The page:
Cards cut Big Unit down to size, 12-2

D'backs ace is jumped for 5 runs in 4 innings as visitors rule opener

October 02, 2002|By Peter Schmuck | Peter Schmuck,SUN STAFF

PHOENIX - This is what the St. Louis Cardinals knew they had to do during their trip to Arizona. They had to put a dent in at least one of the seemingly unbeatable Cy Young Award candidates that make the defending world champion Diamondbacks such an imposing postseason team.

No sense putting it off to the last minute.

The Cardinals jumped on 24-game winner Randy Johnson for five runs in the first four innings and scored a resounding 12-2 victory in the opener of the National League Division Series at Bank One Ballpark.

St. Louis starting pitcher Matt Morris pitched seven strong innings on the way to his first career postseason victory. Jim Edmonds and Scott Rolen launched big home runs off The Big Unit before the shaky D'backs bullpen let things get completely out of hand in a six-run seventh.

It was just the first game, of course, but the psychological implications for both teams are enormous. Now, if the Cardinals can put a similar hurt on Curt Schilling in Game 2 tomorrow afternoon - something they did just last week - they'll be in a position to exploit the soft underbelly of the Diamondbacks' rotation and make this a very short series.

The Diamondbacks can't afford to doubt Schilling, but his late-season dropoff and his disappointing performance against the Cardinals in a game with postseason implications last Wednesday have got to be cause for real concern in the Valley of the Sun.

There's more. The Cardinals swept last week's interdivisional series against the Diamondbacks and have now won 22 of their past 26 games dating back to early September. They are baseball's hottest team, but carrying that momentum into the postseason against the two winningest pitchers in baseball figured to be no small accomplishment.

"You just have to tip your hat obviously to their offense," Johnson said.

"It goes without saying that I didn't pitch as well as I should have or could have. I didn't make the quality pitches you see over the course of the regular season and the pitches you need to make in a five-game postseason series."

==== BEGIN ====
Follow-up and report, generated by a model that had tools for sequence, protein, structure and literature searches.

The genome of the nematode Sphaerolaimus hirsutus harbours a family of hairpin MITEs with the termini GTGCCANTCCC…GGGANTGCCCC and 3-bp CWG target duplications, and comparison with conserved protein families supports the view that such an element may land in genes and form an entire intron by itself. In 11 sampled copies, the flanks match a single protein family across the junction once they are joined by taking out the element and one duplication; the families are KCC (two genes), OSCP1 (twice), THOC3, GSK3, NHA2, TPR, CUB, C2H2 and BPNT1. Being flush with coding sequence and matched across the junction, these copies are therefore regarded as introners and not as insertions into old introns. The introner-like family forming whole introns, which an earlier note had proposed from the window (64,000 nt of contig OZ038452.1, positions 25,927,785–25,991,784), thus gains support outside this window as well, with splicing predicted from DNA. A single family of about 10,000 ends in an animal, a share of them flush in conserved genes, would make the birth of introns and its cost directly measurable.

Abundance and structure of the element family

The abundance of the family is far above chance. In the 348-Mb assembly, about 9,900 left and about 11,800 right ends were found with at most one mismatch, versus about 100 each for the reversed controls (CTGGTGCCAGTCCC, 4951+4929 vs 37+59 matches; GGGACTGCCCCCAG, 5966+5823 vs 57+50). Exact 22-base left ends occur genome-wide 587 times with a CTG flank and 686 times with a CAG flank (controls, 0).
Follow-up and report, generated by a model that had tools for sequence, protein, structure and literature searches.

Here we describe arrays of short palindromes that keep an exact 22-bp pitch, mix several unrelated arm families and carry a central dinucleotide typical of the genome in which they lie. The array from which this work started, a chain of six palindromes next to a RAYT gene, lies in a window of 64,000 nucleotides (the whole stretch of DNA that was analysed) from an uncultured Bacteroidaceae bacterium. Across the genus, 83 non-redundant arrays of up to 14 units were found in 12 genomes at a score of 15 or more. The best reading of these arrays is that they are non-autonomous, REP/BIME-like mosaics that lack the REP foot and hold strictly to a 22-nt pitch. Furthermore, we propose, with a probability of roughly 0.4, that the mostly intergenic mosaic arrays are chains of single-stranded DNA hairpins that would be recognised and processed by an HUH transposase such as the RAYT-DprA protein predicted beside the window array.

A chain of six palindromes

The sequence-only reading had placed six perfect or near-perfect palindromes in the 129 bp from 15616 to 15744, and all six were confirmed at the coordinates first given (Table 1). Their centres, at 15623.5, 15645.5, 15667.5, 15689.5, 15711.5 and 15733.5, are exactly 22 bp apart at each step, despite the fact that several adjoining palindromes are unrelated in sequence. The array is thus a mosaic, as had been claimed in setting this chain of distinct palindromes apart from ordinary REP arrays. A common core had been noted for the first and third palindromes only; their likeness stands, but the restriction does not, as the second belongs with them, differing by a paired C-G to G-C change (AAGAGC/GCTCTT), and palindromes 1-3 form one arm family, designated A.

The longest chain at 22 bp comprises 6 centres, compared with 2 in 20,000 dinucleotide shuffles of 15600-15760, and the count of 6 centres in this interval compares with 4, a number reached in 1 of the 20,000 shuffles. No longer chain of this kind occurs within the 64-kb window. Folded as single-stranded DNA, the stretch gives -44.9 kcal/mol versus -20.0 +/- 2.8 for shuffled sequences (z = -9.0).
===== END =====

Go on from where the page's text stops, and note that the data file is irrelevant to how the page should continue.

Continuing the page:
Johnson was all but unhittable during the regular season - and soon may have another Cy Young Award to prove it - but he raises the same question every time he pitches in the postseason: Which Big Unit is going to show up? The D'backs were expecting the nasty left-hander who went 3-0 with a 1.04 ERA against the New York Yankees in last year's World Series and entered last night's start with a five-game postseason winning streak.

The Cardinals were hoping for the erratic Randy - the one who carried a seven-game postseason losing streak into last year's National League Championship Series - or the so-so Randy they managed to squeak past before losing last year's Division Series.

It was the Cardinals who got their wish. Johnson gave up a two-run home run to Edmonds in the first inning and surrendered a mammoth two-run blast to Rolen in the fourth as St. Louis built a 5-2 lead in the early innings.

"He appeared to me to be rushing a little bit," said Diamondbacks manager Bob Brenly. "He wasn't quite as sharp as he usually is, and they are a very unforgiving team."

Johnson could curse the fates in the first inning after shortstop Tony Womack picked up a routine grounder by leadoff hitter Fernando Vina and threw wide of first for an error. Bad fortune would have nothing to do with the three-run fourth inning, which began with a long triple by Albert Pujols before Rolen hit the facing of the second deck in center field.

What a postseason debut for the new Cardinals third baseman, who never got a sniff of playoff baseball during parts of seven seasons with the Philadelphia Phillies.

The Cardinals would add three singles to score a third run in the fourth, making Johnson look too human for the sellout crowd of 49,154.

"Obviously, I feel very bad that I put the team in a hole right from the get-go," Johnson said. "They [the Cardinals] clearly had a very good approach against me tonight. Their left-handers had a lot of success against me."

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